BOMA Founders Kathleen Colson
and Ahmed Kura Omar
BOMA Founders Kathleen Colson and Ahmed “Kura” Omar met in 2005 in northern Kenya. Joseph Lekuton, the local Member of Parliament and a former classmate of Kathleen’s at Saint Lawrence University, asked Kathleen to see first-hand what was happening to the pastoral communities there who were being devastated by drought. Families were being left with no food, no cash and no practical or dignified means of earning an income. He asked Kura, who was working for him as an aide, to accompany Kathleen. What they saw was heartbreaking. “I had never seen such poverty and devastation,” says Kathleen. “I thought, ‘There has to be a better way.’”
That same year, Kathleen founded The BOMA Project and registered it as a 501(c)(3) nonprofit organization. Kura was her first employee. Over the next two years, Kathleen returned to Northern Kenya several times. Traveling in a beat-up Land Rover, she and Kura drove from village to village across the arid scrubland, accompanied by a mechanic and a security guard. At each stop, they would sit under a thorn tree and listen as the women talked. They spoke of being left alone in the villages with their children—with no food or income, often for weeks at a time—while the men traveled with the herds, searching for water and grazing terrain. They spoke of waiting in line for meager bags of food aid, begging for credit from shopkeepers, and trying to earn a few pennies by gathering firewood and collecting water. They told of the devastating cycle of drought, chronic hunger and extreme poverty that was robbing them of hope and robbing their children of opportunity. But mostly, they shared their dreams: to be empowered, to create their own solutions, to lead their families out of extreme poverty.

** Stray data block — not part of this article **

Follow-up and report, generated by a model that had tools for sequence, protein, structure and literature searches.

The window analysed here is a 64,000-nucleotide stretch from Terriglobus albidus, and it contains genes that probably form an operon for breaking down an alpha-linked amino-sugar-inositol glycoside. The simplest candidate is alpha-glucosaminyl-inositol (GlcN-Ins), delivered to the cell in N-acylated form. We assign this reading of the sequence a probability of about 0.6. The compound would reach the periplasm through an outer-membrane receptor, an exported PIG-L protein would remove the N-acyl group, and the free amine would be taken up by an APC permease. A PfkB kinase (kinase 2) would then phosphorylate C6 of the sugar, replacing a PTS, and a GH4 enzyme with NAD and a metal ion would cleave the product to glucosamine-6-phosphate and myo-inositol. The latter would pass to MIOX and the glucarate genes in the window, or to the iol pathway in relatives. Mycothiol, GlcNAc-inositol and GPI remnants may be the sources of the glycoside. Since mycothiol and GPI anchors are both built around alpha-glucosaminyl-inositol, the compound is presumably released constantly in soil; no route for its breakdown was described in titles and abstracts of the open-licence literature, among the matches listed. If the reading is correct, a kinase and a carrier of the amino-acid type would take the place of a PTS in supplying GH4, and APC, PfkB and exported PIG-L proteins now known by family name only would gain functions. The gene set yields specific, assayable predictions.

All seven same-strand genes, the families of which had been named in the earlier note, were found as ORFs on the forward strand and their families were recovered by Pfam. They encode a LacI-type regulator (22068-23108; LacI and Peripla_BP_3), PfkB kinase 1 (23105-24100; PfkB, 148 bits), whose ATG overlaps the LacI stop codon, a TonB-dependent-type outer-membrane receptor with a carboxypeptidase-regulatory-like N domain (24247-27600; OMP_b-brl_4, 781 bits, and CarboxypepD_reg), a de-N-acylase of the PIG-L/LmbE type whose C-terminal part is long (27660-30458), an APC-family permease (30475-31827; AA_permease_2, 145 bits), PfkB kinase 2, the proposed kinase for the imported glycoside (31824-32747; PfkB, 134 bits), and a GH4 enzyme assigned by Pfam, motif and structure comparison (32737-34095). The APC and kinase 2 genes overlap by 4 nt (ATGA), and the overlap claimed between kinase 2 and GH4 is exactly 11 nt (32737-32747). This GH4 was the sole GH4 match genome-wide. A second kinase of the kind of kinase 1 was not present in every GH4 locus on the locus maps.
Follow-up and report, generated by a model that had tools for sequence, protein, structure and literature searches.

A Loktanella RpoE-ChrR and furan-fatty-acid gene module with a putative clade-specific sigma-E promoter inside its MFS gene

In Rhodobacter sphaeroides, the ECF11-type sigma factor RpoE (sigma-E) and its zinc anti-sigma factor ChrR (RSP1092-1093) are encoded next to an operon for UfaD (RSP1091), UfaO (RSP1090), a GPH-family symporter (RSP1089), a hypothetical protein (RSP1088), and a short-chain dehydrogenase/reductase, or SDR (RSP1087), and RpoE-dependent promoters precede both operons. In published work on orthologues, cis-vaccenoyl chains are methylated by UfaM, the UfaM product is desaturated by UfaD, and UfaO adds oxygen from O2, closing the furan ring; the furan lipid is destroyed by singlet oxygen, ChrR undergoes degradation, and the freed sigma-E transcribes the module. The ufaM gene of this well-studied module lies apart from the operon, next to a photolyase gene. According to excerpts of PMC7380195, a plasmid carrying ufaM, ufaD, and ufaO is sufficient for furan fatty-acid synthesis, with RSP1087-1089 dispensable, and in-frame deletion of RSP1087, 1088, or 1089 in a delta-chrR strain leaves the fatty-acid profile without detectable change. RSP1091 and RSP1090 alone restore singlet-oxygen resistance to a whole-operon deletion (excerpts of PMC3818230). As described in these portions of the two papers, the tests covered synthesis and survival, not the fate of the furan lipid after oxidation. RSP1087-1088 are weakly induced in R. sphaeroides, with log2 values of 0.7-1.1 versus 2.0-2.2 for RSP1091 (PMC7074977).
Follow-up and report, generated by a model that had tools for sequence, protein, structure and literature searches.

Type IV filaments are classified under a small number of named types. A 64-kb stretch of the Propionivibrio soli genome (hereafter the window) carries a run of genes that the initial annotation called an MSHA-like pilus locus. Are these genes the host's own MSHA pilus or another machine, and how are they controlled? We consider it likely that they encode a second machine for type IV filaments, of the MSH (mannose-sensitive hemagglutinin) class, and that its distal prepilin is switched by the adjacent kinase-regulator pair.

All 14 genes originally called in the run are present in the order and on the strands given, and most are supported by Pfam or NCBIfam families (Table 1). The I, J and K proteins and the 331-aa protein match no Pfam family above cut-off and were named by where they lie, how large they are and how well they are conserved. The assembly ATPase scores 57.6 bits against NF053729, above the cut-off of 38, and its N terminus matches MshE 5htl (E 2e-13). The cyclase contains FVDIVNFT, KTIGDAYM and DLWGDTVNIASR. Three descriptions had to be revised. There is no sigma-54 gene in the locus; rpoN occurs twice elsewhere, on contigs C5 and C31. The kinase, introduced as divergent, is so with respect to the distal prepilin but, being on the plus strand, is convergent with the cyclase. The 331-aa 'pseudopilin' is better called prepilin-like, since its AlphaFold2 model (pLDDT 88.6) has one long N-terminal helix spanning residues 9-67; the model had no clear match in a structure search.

Kathleen and Kura believed there had to be an alternative to the cycle of dependence created by drought and disaster and humanitarian relief. They worked to develop an approach that would be driven by data, rigorous measures of success, and defined criteria for graduating participants from extreme poverty. Since 2009, the BOMA Project has helped transform the lives of 22,915 women, responsible for 114,575 children.